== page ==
The rear-drive Mark VIII's most obvious natural enemies in the marketplace are two similar, high-performing luxury coupes: the rear-drive Lexus SC 400 and the front-drive Cadillac Eldorado Touring Coupe. Starting at $36,640, the Mark VIII does enjoy a bit of a price advantage over the other two, particularly the Lexus.
The Mark VIII is a replacement for - you guessed it - the Mark VII. It is a bit bigger than its predecessor (4.5 inches longer and a couple of inches wider) and considerably techier.
The new vehicle is built on a version of the Ford Thunderbird platform, which explains why the two cars just happen to have the same 113-inch wheelbase. But after saying that, you have pretty much exhausted the minutes of the last meeting. Everything else in this car is new business.
The body styling is fresh and compelling. Although it retains a few traditional Mark styling cues, notably the true chrome grille and the spare- tire outline on the trunk lid, this car has a very different look than the aged model it replaces. The stance is more aggressive, the styling is more subtle and flowing, and there are more interesting design touches, such as the eye-catching indentations that run along the car's sides.
The Mark is almost as appealing inside. The deep, semicircular dashboard demands attention, as does the aircraft-type instrument and control layout that runs down to the center console. The rest of the interior is an exercise in smart, flowing design, although the test car's gray innards struck me as a bit too monochromatic and a bit too plastic.
The plastic problem resides primarily in the door panels (the seats are leather). It is hardly a huge concern, but in a car of this price and stature, it is a concern that ought to be addressed.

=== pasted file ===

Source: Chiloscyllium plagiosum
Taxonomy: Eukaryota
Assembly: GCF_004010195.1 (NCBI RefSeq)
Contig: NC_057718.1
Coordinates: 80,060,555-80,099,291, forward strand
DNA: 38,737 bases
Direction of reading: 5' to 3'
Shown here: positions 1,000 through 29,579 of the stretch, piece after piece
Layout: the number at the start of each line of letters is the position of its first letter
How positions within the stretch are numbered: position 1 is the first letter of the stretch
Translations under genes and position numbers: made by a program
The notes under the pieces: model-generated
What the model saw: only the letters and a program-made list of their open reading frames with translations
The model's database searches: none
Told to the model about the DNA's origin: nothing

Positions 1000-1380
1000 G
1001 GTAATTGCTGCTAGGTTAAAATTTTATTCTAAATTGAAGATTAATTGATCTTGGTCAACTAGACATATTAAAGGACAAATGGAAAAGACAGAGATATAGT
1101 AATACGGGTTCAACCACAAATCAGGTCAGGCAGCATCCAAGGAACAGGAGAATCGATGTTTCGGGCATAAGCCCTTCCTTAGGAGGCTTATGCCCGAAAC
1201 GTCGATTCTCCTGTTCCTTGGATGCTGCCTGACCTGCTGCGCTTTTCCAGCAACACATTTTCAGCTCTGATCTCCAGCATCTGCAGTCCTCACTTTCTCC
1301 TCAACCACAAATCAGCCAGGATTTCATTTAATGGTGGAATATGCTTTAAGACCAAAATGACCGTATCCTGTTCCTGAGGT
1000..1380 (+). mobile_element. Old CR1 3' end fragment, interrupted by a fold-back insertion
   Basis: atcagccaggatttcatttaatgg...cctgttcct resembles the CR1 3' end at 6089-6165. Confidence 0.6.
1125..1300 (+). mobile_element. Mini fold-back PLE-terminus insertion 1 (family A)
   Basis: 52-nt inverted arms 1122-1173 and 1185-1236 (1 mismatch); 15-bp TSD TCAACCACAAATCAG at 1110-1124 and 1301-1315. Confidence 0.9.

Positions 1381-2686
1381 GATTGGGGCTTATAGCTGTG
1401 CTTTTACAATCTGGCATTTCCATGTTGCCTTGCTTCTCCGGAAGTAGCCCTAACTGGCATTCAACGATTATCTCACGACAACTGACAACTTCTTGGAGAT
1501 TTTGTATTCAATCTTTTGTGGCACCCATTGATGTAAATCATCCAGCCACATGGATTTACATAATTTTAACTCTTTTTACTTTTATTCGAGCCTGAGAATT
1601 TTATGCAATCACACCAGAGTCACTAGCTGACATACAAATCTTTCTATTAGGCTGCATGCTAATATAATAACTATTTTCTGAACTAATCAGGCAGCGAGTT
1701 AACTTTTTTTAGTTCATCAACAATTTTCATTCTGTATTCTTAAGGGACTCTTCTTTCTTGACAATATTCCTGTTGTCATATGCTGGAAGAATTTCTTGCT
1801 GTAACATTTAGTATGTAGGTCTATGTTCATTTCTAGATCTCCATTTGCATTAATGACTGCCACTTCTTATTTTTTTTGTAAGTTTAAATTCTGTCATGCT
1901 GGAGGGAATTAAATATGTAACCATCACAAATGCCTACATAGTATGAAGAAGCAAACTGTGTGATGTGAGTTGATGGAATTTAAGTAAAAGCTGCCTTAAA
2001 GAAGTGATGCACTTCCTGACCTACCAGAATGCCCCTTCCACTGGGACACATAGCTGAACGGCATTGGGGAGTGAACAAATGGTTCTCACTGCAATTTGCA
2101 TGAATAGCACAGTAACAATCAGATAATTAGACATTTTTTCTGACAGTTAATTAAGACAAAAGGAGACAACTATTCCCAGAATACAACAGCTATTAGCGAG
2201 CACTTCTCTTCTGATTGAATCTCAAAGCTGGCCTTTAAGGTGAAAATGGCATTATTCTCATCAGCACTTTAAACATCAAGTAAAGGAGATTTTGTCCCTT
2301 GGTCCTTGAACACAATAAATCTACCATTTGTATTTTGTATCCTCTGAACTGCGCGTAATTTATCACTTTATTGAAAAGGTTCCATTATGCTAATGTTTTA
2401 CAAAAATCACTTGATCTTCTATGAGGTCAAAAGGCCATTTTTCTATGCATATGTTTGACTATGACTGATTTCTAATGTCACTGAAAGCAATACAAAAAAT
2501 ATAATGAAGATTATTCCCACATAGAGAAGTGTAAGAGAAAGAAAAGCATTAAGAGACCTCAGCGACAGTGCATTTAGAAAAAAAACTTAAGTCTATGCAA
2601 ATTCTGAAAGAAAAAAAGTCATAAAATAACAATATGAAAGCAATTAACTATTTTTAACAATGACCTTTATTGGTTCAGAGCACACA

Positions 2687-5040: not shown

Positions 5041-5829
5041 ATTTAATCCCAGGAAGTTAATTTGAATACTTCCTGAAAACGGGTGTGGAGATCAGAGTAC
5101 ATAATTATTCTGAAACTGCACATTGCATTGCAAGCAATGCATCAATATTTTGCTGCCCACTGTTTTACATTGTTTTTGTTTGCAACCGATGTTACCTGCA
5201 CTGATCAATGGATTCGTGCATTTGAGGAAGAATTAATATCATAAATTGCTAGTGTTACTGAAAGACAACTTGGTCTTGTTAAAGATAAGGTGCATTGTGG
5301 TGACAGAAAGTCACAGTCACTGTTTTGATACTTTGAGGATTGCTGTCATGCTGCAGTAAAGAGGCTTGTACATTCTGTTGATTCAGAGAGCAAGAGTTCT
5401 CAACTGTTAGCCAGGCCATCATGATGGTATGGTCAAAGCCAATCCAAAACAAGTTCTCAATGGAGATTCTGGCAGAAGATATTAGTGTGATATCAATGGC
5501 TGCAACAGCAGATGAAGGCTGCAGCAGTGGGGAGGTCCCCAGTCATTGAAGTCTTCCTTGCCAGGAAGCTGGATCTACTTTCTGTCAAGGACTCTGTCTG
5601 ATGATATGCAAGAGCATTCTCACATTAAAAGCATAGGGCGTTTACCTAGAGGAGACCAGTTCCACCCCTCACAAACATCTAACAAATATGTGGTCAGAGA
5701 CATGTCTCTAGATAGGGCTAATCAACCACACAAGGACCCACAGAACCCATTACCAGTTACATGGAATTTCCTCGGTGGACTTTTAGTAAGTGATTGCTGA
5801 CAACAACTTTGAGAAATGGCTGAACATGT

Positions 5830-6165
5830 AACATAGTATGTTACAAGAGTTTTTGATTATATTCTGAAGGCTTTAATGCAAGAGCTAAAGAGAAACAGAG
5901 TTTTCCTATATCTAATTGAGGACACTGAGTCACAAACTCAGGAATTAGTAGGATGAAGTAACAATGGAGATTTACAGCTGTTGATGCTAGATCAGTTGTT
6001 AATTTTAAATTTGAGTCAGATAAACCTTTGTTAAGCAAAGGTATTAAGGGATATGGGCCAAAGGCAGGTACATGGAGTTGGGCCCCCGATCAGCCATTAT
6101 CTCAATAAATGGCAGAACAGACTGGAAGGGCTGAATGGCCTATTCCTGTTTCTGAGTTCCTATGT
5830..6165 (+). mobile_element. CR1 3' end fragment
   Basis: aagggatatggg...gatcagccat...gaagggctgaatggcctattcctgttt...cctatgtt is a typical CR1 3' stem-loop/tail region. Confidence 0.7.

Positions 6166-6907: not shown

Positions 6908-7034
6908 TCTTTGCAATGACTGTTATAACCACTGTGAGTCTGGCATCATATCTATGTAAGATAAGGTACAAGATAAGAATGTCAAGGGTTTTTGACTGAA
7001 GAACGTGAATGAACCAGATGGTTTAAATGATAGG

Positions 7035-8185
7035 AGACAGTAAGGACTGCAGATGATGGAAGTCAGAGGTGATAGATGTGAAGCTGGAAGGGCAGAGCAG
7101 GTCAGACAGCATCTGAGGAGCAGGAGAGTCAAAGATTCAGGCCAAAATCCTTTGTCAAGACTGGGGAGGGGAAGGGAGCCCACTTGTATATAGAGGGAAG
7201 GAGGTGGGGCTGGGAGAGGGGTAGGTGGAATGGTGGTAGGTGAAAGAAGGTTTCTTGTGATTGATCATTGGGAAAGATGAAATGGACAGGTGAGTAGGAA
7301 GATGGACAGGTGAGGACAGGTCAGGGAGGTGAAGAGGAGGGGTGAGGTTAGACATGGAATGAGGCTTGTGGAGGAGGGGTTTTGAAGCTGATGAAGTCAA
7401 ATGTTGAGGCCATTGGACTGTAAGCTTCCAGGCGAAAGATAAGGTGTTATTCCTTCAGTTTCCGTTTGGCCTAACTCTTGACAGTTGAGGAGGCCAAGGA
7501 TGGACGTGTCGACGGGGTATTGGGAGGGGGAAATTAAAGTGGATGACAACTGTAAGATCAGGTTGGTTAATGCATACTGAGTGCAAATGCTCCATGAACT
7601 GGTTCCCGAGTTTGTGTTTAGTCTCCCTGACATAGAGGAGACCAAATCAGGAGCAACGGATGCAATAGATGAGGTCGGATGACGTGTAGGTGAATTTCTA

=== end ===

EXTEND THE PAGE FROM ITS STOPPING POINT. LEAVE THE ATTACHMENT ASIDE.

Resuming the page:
Because it is Ford Motor Co.'s flagship, the Mark VIII is something of a technological showcase.
The star of the show has to be the Mark's new engine, a high-performance version of Ford's nifty 4.6-liter V-8. The 4.6-liter engine debuted last year in a milder form in the Ford Crown Victoria, Mercury Grand Marquis and Lincoln Town Car. That 16-valve, two-camshaft engine develops 190 horsepower with a single exhaust and 210 with duals. The new Mark VIII variation doubles the number of valves and camshafts, and raises the horsepower ante to 280.
It's quite an engine. Under normal driving conditions, it is as docile and quiet as that mild-mannered reporter from Krypton. But when you kick it in the rump with the gas pedal, it slips into a telephone booth and momentarily reappears with a big red S on its air intake plenum.
The engine hits a wonderfully exciting note when it is making horsepower in a hurry. It's a muted, guttural response that evokes the spirit, but not the decibels, of those big muscle-car V-8s from the '60s.
With the help of an optional traction-control system, the test car transferred all that power to the rear wheels in flawless fashion.
Speaking of techy features, the new Mark also has an air-suspension system that automatically lowers the car about an inch when it reaches 55 m.p.h., to enhance handling and aerodynamics.
The car is, in short, just a delight to drive. It is quiet, convenient, comfortable and athletic. What more could you ask for, except a little less plastic on the door panels?
LINCOLN MARK VIII
* Base vehicle: 4.6-liter engine, four-speed automatic transmission, power disc brakes, anti-lock braking system, variable-assist power steering, dual airbags, leather seating, automatic temperature control, power door locks, keyless entry, power windows, security system, illuminated vanity mirrors, four-way power front seats, stereo/cassette, air-spring suspension, heated power outside mirrors, rear-window defroster, tilt steering, cruise control, 16-inch aluminum wheels, touring tires.
* Test model: Traction control, automatic dimming rear-view mirror, premium sound system with trunk-mounted CD changer.
* Base price: $36,640
* Test model: $39,083 (inc. shipping)
* EPA city rating: 17
* Test mileage: 17
* Warranty: four years/50,000 miles.